The Rift Between Donald Trump And His Vice President Mike Pence

Mike Pence and Donald Trump, on November 4, 2020 at the White House afp_tickers This content was published on 10 January 2021 – 20:28 10 January 2021 – 20:28 (AFP)

The assault on the United States Capitol enshrined the rupture between Donald Trump and his faithful Vice President Mike Pence, who plans to attend the inauguration of President-elect Joe Biden and aims to facilitate the transition between the two administrations.

Trump announced that he will not attend the inauguration ceremony of whoever defeated him in the elections, but Pence has already made it known that he will be present.

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While the outgoing vice president’s attendance is not a surprise – and Biden said it will be “welcome” – it is a sign of the rift that separates Trump from his right arm since Wednesday’s certification of the Democrat’s election victory.

Trump and Pence have not spoken, according to the press, since that day when a mob of supporters of the president stormed Congress in an action that left five dead and shocked the United States and the world.

– ‘Hang Mike Pence –

“One of the most loyal to Donald Trump is now the number one public enemy in the universe” of the president, summarized the Republican Congressman Adam Kinzinger on ABC on Sunday.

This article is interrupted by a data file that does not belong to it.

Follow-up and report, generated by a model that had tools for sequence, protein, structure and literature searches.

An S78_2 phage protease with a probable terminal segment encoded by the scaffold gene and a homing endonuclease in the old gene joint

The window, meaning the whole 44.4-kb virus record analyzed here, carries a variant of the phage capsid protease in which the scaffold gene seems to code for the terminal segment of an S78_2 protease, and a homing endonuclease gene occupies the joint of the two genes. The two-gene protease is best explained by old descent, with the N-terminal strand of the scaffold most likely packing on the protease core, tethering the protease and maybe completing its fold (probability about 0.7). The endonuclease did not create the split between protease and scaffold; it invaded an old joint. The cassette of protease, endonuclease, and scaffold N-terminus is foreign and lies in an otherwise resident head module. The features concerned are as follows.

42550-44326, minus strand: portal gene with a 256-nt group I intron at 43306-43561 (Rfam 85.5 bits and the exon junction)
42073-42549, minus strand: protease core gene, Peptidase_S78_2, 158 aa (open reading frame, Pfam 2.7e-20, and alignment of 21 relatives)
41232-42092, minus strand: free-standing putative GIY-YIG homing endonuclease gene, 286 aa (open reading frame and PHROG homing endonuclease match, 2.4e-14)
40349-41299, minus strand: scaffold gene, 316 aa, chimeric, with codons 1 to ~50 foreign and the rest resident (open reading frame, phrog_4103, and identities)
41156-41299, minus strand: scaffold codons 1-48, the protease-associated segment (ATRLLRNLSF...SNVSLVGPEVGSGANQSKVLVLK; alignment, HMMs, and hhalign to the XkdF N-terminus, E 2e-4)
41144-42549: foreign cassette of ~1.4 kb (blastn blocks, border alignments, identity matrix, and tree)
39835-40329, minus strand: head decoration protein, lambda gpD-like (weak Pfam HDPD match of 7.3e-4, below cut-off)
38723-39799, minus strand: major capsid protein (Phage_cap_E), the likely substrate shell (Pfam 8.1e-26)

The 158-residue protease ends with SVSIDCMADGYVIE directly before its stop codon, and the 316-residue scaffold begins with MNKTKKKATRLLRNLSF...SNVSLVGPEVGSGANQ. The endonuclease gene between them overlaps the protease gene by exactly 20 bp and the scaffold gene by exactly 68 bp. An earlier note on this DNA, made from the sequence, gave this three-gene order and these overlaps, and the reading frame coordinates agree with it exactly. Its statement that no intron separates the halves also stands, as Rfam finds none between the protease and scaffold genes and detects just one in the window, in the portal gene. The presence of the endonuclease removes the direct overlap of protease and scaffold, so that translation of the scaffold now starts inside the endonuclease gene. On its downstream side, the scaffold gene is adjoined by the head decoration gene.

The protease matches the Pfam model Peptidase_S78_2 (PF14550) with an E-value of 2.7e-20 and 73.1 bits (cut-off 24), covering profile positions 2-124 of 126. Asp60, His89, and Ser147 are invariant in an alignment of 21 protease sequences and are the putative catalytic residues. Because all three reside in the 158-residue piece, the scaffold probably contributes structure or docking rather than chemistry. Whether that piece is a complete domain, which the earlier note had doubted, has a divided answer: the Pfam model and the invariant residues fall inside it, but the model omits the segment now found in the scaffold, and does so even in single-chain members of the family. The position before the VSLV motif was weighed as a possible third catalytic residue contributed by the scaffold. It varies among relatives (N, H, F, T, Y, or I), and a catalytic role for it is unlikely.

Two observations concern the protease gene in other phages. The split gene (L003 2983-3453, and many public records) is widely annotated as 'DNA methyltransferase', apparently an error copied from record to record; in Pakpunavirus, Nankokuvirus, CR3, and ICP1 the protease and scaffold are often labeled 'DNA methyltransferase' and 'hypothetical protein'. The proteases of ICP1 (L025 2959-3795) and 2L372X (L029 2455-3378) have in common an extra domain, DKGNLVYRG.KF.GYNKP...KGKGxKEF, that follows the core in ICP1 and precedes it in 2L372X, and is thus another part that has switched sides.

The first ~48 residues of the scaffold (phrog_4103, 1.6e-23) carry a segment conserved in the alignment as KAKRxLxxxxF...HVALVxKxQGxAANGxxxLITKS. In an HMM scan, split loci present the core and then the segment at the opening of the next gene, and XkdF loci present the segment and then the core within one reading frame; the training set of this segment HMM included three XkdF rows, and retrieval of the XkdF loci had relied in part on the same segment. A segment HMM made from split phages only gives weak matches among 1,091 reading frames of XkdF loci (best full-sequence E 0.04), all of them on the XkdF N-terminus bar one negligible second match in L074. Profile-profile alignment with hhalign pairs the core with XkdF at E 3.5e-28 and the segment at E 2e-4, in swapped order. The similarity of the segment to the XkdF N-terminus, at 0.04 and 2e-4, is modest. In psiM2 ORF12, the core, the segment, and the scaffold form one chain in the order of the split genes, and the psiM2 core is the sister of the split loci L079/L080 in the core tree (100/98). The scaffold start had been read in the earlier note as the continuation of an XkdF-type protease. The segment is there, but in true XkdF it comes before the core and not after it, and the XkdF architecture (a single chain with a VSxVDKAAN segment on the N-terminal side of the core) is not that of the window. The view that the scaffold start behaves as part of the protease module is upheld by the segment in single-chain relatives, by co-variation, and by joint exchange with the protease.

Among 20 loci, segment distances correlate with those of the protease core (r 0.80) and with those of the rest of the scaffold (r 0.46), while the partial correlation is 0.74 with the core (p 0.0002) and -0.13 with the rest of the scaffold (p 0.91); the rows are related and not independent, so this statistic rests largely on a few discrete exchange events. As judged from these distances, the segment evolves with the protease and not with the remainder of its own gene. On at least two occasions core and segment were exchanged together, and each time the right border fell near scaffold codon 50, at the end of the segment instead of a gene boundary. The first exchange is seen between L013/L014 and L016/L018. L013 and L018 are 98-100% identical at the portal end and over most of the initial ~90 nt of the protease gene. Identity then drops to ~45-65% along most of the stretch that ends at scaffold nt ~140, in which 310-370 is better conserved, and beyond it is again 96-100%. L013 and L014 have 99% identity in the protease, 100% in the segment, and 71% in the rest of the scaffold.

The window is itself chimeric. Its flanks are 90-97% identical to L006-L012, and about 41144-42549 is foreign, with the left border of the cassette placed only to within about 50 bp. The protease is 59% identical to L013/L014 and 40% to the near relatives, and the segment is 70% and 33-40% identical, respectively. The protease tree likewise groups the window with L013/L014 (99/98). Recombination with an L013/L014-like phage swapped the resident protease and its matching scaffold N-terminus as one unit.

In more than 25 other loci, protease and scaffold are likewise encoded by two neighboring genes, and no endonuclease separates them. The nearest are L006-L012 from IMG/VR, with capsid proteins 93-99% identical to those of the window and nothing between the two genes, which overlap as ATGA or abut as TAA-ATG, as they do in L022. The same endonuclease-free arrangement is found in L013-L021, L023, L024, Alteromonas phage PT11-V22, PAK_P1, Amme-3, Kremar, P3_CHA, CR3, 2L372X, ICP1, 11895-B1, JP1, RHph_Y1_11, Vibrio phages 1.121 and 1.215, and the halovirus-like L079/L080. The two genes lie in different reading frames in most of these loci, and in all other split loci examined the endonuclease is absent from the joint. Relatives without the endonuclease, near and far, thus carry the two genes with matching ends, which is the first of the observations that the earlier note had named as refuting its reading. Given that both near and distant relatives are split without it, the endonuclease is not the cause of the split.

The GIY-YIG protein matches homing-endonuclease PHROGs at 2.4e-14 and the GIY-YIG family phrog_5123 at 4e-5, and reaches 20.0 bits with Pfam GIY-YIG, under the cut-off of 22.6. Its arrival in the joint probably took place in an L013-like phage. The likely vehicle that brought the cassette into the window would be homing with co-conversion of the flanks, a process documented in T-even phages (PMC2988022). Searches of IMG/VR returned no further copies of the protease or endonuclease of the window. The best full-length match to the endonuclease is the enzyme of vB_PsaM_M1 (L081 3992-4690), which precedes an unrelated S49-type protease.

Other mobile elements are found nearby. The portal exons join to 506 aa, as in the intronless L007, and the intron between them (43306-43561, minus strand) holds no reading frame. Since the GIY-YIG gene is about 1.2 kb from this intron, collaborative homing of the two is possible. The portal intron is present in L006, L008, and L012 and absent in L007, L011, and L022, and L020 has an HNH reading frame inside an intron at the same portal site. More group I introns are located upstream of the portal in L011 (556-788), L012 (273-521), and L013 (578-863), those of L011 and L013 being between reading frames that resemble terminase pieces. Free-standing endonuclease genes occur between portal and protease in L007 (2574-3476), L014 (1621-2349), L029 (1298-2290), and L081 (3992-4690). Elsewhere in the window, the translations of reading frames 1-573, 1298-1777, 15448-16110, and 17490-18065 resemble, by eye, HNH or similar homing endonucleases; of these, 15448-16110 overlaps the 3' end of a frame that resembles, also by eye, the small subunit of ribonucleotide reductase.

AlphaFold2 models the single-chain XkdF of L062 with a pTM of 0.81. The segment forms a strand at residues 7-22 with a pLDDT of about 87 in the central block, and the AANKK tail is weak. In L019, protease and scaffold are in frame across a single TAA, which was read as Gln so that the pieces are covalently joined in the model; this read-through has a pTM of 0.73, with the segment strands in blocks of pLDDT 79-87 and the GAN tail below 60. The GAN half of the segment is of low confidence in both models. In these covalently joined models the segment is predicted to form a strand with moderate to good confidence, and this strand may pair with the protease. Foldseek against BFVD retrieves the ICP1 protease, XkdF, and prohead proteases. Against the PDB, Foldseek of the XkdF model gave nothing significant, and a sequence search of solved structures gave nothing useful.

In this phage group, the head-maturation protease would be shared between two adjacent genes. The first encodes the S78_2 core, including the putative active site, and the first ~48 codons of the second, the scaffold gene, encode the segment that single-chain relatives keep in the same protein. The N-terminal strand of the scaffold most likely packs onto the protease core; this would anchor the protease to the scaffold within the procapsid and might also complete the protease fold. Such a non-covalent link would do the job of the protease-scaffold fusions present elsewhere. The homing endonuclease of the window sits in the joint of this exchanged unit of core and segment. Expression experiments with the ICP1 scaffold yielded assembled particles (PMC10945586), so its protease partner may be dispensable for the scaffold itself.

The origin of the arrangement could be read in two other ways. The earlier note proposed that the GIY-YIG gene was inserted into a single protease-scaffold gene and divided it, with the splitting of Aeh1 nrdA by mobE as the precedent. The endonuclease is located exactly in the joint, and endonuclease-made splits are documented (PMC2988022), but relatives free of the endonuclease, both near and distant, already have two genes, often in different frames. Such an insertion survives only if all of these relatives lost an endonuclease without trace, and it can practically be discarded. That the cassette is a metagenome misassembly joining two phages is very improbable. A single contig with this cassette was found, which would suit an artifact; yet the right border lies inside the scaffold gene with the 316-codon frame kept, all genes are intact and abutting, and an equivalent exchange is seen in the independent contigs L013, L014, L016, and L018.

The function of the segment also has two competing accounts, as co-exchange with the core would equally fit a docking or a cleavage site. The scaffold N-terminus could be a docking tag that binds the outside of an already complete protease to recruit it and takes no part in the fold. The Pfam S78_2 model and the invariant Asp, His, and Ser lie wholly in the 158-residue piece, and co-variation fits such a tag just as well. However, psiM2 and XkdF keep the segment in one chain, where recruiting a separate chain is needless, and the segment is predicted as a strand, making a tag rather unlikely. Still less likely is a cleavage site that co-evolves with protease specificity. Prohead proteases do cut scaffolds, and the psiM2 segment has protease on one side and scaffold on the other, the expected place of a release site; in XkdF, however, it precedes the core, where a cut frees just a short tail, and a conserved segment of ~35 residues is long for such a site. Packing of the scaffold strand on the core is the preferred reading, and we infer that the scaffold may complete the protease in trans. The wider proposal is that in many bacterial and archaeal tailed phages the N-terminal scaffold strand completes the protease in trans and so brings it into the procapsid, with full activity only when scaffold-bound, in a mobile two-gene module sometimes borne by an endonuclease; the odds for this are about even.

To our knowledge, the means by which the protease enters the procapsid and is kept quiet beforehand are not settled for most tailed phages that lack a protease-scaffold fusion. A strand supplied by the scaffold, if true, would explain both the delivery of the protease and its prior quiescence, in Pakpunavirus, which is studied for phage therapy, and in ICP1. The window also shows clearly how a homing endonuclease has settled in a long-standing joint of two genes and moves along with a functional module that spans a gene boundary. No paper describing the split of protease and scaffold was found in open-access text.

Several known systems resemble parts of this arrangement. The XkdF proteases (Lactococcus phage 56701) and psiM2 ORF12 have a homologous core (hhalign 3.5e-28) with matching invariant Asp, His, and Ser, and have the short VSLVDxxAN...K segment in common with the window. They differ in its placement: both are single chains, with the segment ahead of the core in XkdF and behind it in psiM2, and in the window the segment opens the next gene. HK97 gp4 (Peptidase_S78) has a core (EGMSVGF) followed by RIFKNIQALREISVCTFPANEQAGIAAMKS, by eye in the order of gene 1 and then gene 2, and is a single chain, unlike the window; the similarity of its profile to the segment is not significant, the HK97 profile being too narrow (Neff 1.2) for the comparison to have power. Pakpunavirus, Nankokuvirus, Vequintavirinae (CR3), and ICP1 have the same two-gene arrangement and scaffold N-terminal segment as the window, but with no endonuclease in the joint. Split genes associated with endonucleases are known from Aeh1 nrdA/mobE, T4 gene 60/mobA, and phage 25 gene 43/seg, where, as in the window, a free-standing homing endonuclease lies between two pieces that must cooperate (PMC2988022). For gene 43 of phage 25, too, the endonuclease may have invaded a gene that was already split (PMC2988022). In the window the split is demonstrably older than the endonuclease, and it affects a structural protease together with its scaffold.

Despite pressure from Trump, Pence announced Wednesday that he would not oppose the validation in Congress of the results of the presidential election, unleashing the fury of the president and his supporters.

“Mike Pence did not have the courage to do what he would have had to do to protect our country and our Constitution,” Trump tweeted as his supporters stormed the Capitol.

Videos posted on social media show several of them singing “Hang Mike Pence” outside the Capitol. Other militants walked the halls of the temple of American democracy shouting that the vice president was a “coward,” according to The New York Times.

During that chaos, the vice president was entrenched in a Capitol bunker with his family. Trump did not call to inquire about his safety, according to NBC.

– Faithful support –

Impassive and discreet, Pence is considered one of Donald Trump’s most loyal supporters.

He has not yet responded to the requests of many parliamentarians who have urged him to activate the 25th Amendment to the Constitution, which allows the removal of a president deemed “unfit” to exercise his functions.

Before attacking him, the followers of the Republican president used to praise his loyalty, while his critics denounced his adulation to the president.

“He is solid as a rock. He was a fantastic vice president,” Donald Trump said of him last summer.

Pence, 61, was for four years a quiet presence amid storm Trump.

Appointed at the head of the crisis unit on the coronavirus in March, throughout the year he addressed the issue with measured statements, far from the president’s outbursts, assumptions and provocations. Although always careful not to contradict him.

Mike Pence and Donald Trump weren’t particularly close before he appointed him as a roster partner in 2016.

Trump would have even considered switching electoral partners, but preferred to ultimately gamble on Pence’s close ties with mostly elderly white Christian voters, who ended up playing a key role in the duo’s victory in 2016.

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